Here we are at the beginning of our homeschooling journey. Our oldest is starting kindergarten. We have a lot of ideas about homeschooling, what we want our children to experience during this journey, and how we will get there. However, to borrow from Stephen Covey, we are going to “begin with the end in mind.”
Our curriculum for this year is Destinations. My husband and I went through the process of identifying our goals for educating our children. We identified 28 goals that are important to us, and seven overall goals that will be the focus of the work we do. The other 21 goals will secondary, or tertiary, and we will document on them when we notice them, but they aren’t the priority goals. I look at our goals, and think this will be harder than I thought. We aren’t simply focusing on the tasks of learning, like reading, mathematics, and writing. We want our children to live these goals, with our ultimate success knowing that our children have a personal walk with God. As parents we also have to learn how to model the actions we want our children to imitate, because they do imitate us already.
When it comes to being parent-teachers, we get to work together on the expectations we have, our parents have, and others in our support system might have for the education experience of our children. The education process has reinforced the notion of teamwork. At the same time, my husband taking a primary role in educating our children challenges societal norms. Sometimes these challenges are easily overcome. Other times the challenges take some time to work through. Educating a child becomes as much about the maturing of the parent, refining routines, learning or relearning skills, and being or becoming the type of person we want our children to imitate…as it is about teaching a child. Having education goals keeps us from being pulled in too many directions, and allows us as parents to intentionally model what we want our children to imitate — even as they imitate many other actions that we aren’t intending to model.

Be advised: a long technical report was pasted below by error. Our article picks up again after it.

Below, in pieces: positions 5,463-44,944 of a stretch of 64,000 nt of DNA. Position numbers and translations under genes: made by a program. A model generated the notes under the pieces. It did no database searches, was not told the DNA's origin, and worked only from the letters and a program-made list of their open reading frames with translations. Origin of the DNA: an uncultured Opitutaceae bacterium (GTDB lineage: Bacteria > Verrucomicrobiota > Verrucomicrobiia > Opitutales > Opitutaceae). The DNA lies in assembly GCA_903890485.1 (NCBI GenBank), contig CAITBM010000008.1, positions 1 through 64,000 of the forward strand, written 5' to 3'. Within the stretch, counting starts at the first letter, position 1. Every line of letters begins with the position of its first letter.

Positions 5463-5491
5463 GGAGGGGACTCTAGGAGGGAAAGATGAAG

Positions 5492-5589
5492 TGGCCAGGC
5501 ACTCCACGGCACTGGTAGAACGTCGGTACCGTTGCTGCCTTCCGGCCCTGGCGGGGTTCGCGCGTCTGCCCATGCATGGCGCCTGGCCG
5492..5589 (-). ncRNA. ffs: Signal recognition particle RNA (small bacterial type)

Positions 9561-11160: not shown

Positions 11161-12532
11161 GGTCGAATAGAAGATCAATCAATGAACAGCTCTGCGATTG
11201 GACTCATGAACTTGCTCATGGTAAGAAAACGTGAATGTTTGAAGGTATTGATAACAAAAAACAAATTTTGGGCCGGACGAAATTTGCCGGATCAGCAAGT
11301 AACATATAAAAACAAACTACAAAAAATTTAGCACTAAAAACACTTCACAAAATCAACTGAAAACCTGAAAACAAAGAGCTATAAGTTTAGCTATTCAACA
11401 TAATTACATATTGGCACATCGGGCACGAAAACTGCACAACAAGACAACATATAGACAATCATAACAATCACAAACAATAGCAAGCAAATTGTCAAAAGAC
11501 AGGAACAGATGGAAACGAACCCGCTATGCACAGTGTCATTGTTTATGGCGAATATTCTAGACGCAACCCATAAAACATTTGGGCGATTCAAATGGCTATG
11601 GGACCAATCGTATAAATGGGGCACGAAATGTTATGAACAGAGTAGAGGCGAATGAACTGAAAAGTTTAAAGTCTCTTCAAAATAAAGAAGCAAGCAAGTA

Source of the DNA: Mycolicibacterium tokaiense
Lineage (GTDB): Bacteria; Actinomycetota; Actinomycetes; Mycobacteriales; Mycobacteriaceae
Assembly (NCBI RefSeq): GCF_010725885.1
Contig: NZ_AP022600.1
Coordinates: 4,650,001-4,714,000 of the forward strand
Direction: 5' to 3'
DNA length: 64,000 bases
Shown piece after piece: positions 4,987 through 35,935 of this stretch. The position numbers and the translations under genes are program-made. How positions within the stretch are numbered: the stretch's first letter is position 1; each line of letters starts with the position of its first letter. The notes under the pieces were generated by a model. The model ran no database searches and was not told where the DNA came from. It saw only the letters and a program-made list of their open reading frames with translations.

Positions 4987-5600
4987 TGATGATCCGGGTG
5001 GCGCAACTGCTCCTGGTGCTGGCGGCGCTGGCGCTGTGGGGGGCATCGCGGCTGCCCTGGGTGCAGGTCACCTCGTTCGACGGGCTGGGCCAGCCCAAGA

For educational learning specifically, we follow a Montessori approach right now, a hands-on method where the children are able to interact with their environment without specific direction. We provide different opportunities for learning. We know which learning tasks that are necessary such as reading, writing, and mathematics. How a child accomplishes the learning tasks will likely vary. A Montessori approach gives us the opportunity to observe our children, notice learning preferences, and let our children teach us about their own interests. The children create, problem solve, and share with us their experiences and successes. We are able to develop a relationship with our children, without focusing specifically on behavior management like sitting still, focusing, and staying on a task for a predetermined amount of time. While important skills, we can get to them at a later time. For now, it’s about modeling, observing and enjoying each other.
Covey, S. R. (2013). The 7 habits of highly effective people: powerful lessons in personal change. London: Simon & Schuster.
Dickerson, E. (n.d.). Check These Out:. Retrieved September 04, 2017, from http://showcase.netins.net/web/nurture/